CACCIOPPOLI v. CITY OF NEW YORK

Reset A A Font size: Print

Supreme Court, Appellate Division, Second Department, New York.

Frank CACCIOPPOLI, et al., appellants, v. CITY OF NEW YORK, et al., respondents, et al., defendant.

Decided: April 29, 2008

REINALDO E. RIVERA, J.P., ROBERT A. LIFSON, ANITA R. FLORIO, and CHERYL E. CHAMBERS, JJ. Harmon, Linder & Rogowsky (Pollack, Pollack, Isaac & De Cicco, New York, N.Y. [Brian J. Isaac] of counsel), for appellants. Michael A. Cardozo, Corporation Counsel, New York, N.Y. (Francis F. Caputo and Dona B. Morris of counsel), for respondents. Hawkins, Feretic & Daly, LLC, New York, N.Y. (Sean M. Prendergast of counsel), for defendant Ilyavu Kikirov.

In an action to recover damages for personal injuries, etc., the plaintiffs appeal, as limited by their brief, from so much of a judgment of the Supreme Court, Kings County (Levine, J.), entered October 10, 2006, as, upon a jury verdict, is in favor of the defendants City of New York and Oronzo N. Candido and against them, in effect, dismissing the complaint insofar as asserted against them.

ORDERED that the judgment is reversed insofar as appealed from, on the law and in the exercise of discretion, the complaint is reinstated against the respondents, and the matter is remitted to the Supreme Court, Kings County, for a new trial against the respondents on the issues of causation and damages, with costs to abide the event.

The plaintiff Frank Caccioppoli (hereinafter the plaintiff) was a sanitation worker with the New York City Department of Sanitation.   On December 6, 1996, he was working as the “guide man” on an “easy pack” sanitation truck driven by his partner, the defendant Oronzo N. Candido.   At the corner of 8th Street and 5th Avenue in Brooklyn, Candido failed to stop at a stop sign and collided with a car driving south on 5th Avenue.   The right front bumper of the sanitation truck made contact with the front left wheel of the car, with a light to medium impact.

Caccioppoli and his wife commenced this action, alleging, inter alia, that his knee was injured in the accident, resulting in permanent disability.   After a trial, the jury found that Candido was negligent, but that his negligence was not a proximate cause of the plaintiff's injuries.

 The jury verdict was not against the weight of the evidence.   Here, it was disputed whether the plaintiff's injuries were caused by the accident or were the result of a prior existing condition (cf. Browne v. Pikula, 256 A.D.2d 1139, 682 N.Y.S.2d 750;  Darrow v. Lavancha, 169 A.D.2d 965, 966, 564 N.Y.S.2d 861).   Therefore, the jury's verdict finding that the accident was not a proximate cause of the plaintiff's injuries was based on a fair interpretation of the evidence (see Lolik v. Big V Supermarkets, Inc., 86 N.Y.2d 744, 746, 631 N.Y.S.2d 122, 655 N.E.2d 163;  Nicastro v. Park, 113 A.D.2d 129, 134, 495 N.Y.S.2d 184).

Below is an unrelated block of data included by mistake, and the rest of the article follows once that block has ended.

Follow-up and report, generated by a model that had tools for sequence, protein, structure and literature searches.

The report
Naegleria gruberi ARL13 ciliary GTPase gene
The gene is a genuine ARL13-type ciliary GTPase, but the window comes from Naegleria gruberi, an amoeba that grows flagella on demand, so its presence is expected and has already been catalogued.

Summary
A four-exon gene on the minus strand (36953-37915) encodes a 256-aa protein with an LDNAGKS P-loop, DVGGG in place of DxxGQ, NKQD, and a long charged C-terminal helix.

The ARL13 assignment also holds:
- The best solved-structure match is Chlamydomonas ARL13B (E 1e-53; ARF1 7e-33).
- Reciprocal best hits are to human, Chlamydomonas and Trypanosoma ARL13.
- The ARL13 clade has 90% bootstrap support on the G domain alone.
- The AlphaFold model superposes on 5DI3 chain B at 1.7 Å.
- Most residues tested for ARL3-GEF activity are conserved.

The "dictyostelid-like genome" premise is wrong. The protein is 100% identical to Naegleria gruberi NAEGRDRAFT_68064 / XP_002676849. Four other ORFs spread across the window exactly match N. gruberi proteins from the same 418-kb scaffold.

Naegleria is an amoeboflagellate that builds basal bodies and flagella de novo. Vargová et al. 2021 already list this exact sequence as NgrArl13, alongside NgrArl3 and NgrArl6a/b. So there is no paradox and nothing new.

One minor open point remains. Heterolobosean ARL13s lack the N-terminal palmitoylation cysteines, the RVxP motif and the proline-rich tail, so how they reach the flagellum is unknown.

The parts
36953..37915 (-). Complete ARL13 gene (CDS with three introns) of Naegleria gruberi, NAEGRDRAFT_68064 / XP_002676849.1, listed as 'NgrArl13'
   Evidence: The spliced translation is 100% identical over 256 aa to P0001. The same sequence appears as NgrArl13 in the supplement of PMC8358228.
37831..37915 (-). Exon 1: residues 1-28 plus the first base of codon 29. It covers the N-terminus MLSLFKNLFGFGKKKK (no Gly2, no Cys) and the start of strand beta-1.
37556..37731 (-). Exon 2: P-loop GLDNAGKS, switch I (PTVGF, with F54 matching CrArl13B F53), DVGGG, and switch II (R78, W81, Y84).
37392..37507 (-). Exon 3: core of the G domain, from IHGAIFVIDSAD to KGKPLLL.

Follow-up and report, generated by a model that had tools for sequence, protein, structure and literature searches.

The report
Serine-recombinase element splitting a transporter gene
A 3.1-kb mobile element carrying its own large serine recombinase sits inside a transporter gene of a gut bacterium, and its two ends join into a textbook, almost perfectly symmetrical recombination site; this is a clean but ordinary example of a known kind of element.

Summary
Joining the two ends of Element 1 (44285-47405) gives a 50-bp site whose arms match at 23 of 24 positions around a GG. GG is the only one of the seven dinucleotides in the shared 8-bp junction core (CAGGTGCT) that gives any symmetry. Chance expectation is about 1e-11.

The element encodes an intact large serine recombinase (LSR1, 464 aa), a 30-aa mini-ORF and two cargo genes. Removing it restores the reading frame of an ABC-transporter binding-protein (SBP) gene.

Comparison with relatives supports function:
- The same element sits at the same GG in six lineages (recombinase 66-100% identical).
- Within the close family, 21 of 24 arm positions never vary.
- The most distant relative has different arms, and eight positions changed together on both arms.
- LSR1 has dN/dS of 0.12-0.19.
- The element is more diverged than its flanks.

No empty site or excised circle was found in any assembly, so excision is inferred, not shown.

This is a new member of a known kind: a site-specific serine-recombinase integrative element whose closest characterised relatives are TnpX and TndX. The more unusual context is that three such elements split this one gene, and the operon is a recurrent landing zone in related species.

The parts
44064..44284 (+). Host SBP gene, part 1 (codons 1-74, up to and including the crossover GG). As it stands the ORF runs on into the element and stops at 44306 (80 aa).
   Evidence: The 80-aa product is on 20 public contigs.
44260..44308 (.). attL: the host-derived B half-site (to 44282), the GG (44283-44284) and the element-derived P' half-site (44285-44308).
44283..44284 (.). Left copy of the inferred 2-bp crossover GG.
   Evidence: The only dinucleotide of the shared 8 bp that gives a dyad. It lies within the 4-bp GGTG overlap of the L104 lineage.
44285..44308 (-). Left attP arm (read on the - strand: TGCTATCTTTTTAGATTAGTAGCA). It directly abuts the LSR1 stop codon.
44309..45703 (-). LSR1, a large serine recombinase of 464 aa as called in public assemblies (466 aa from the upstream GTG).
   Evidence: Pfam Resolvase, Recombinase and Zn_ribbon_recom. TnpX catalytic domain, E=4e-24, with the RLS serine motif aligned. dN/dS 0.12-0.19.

However, the Supreme Court improvidently exercised its discretion in permitting the defendants City of New York and Candido (hereinafter together the City defendants) to offer the testimony of a radiologist, Dr. A. Robert Tantleff, over the plaintiffs' objection.   Counsel for the City defendants gave the plaintiffs notice pursuant to CPLR 3101(d) of the doctor's testimony one day before trial, and failed to show good cause for their last-minute retention of Tantleff (see Klatsky v. Lewis, 268 A.D.2d 410, 411, 702 N.Y.S.2d 319).   While the City defendants turned over Tantleff's report soon after it was received, they offered no excuse for retaining him only two days before trial.   Further, the plaintiffs were prejudiced by the late notice.   Tantleff testified that the magnetic resonance imaging films showed tears of knee cartilage attributable to osteoarthritis, a slow degenerative disease, rather than trauma.   This was a new theory not previously disclosed, which the plaintiffs had no opportunity to prepare to rebut.  “[The City] [d]efendant[s'] inexcusably belated service on the very eve of trial of new CPLR 3101(d) responses noticing new experts in support of newly raised defense theories cannot be countenanced” (Lissak v. Cerabona, 10 A.D.3d 308, 309, 781 N.Y.S.2d 337).   This error was not harmless.   Accordingly, the matter must be remitted to the Supreme Court, Kings County, for a new trial on the issues of causation and damages.

The plaintiffs' remaining contentions are without merit.

Copied to clipboard